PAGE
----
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The year is established by references to the Ashburners (see n. 5, below). CD wrote about the division of his surplus income in the letter to the Darwin children, 8 January 1882. William had bought a hand-operated fire-pump in 1881 and advised CD to get one (see Correspondence vol. 29, letter from W. E. Darwin, 13 January [1881]). A fire-pump was installed in Down House in February (letter from Emma Darwin to G. H. Darwin, [20 February 1882] (DAR 210.3: 40)). Sara Darwin. A letter from Emma Darwin to H. E. Litchfield, 10 January 1882 (DAR 219.9: 283), mentions ‘Wm’s sad acct of the misfortune in Mrs Sam Ashburner’s family’. Mrs Ashburner was Anne Mead Ashburner; her brother John Sargent Barstow committed suicide on 25 December 1881. Of nine brothers, only one is reported to have committed suicide: Gideon Forrester Barstow (Massachusetts, town and vital records, 1620–1988; Ancestry.com, accessed 14 July 2021). Anne had two surviving sisters: Eleanor Forrester Condit and Catherine Andrew Barstow. Annie and Samuel Ashburner had two adult sons; the son in question was probably George, who was a student (age 27) living with his parents in Kensington, London. The inscription was for Erasmus Alvey Darwin’s gravestone and the FRS (fellow of the Royal Society) referred to his father Robert Waring Darwin (1766–1848). See Correspondence vol. 29, letter from G. H. Darwin, 15 October 1881. George Howard Darwin’s short article on the geological importance of tides was published in Nature, 5 January 1882 (G. H. Darwin 1882; see letter from J. W. Judd, 8 January 1882 and nn. 1 and 4).

From J. H. Gilbert   9 January 1882 Harpenden, | S.t Albans, Jan 9 1882 My Dear Mr. Darwin— What will you have thought of me for delaying so long to thank you for your kind present of a copy of your remarkable book on the production of vegetable mould by earthworms?1 I sincerely hope you have not thought so badly of me as I seemingly deserve!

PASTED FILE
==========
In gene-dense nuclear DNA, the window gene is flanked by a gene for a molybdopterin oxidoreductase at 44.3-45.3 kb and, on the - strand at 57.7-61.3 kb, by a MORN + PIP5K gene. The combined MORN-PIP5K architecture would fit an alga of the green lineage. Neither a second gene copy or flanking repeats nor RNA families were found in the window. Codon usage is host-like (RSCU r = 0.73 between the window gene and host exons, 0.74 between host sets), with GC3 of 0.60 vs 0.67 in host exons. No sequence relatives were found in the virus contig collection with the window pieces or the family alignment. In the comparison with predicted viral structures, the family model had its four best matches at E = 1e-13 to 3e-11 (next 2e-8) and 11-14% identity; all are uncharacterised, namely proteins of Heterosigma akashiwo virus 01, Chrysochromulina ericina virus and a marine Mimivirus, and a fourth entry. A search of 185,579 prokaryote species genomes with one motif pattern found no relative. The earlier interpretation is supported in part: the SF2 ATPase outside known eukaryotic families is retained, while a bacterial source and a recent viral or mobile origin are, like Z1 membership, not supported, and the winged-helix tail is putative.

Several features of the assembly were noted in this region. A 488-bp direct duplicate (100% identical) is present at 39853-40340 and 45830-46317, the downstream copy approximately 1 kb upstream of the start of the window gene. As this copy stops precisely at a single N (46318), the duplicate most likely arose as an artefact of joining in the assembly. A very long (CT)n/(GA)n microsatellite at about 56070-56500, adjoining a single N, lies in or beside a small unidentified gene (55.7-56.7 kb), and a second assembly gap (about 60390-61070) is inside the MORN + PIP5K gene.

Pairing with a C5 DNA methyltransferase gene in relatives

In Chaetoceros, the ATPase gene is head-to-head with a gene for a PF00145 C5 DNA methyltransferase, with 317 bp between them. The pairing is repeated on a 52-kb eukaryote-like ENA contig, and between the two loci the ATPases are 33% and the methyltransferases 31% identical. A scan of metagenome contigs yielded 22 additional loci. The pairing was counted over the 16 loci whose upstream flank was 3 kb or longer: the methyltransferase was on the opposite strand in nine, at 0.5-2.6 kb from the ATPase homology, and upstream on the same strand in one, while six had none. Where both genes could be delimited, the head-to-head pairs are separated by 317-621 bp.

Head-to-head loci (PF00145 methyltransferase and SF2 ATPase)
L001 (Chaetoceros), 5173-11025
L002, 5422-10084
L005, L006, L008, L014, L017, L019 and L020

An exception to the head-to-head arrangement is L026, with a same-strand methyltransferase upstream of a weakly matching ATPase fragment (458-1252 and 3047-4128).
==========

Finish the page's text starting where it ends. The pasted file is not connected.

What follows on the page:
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The truth is, that the first hurried turning over of the leaves convinced me that there was so much of special interest & importance to us, that I was led to postpone, until I had more leisure, the careful reading of the book—and alas!—I postponed also writing to thank you, little thinking that I should leave an immediate duty so long unfulfilled. In fact, waiting for “a more convenient season” has had its usual result! I am, however truly sorry and ashamed, so hope you will forgive me? I did indeed commence a letter to you some weeks ago, but I see it is now out of date, so must begin again. Allow me now to say a few words on the points of special interest to us in your work. The evidence of long continued experiments, of various kinds, leads us to conclude that, at any rate in many cases, ordinary arable culture tends to a gradual reduction of the stores of nitrogen within the soil. In the case of permanent grass-land on the other hand, not only is more nitrogen yielded in the crops without artificial supply of it, than from arable land under like conditions, but the percentage of nitrogen in the surface soil remains at a considerably higher level; and in the case of newly laid down grass this level is rapidly approached. Careful comparison of this gain with the amounts estimated to be supplied from external sources, has at any rate suggested the question—whether there be not some other, and not explained source? For example— how far may it be due to the roots of the perennial vegetation bringing up stores from lower depths?— how far to a greater condensation, or utilisation, of combined nitrogen from the atmosphere by the above ground growth the year round?— further, there is the improbable supposition that the free nitrogen of the air becomes a source of combined nitrogen, either by the intervention of the humic matter of the soil, or directly through the agency of vegetation itself ?2 That the roots of some plants do bring up stores from below, and leave a residue near the surface seems indeed very probable. But admitting this, some further explanation of the facts would still seem to be wanting. How far have earth worms influenced the result? Of course, so far as their nutriment, or the soil they pass through their bodies, whether as food or otherwise, is derived from above ground growth, or within the range of our surface samples (9 inches), their action would not explain any gain or accumulation. But if the evidence were clear that they bring up much from below the depth of our samples of surface soil, the fact would be of considerable interest and importance. From your description I gather that your soil and subsoil are very similar to those at Rothhamsted—that is, that you have below the surface soil some feet of stiff reddish yellow clay, resting upon chalk. Now, may I ask whether your observations would lead you to conclude that, under such circumstances, much of the matter of the castings would be derived from the clay-subsoil? Small as is their percentage, the actual quantity of nitrogen and carbon in such a subsoil is very large; but their chemical condition is not satisfactorily determined, and without some direct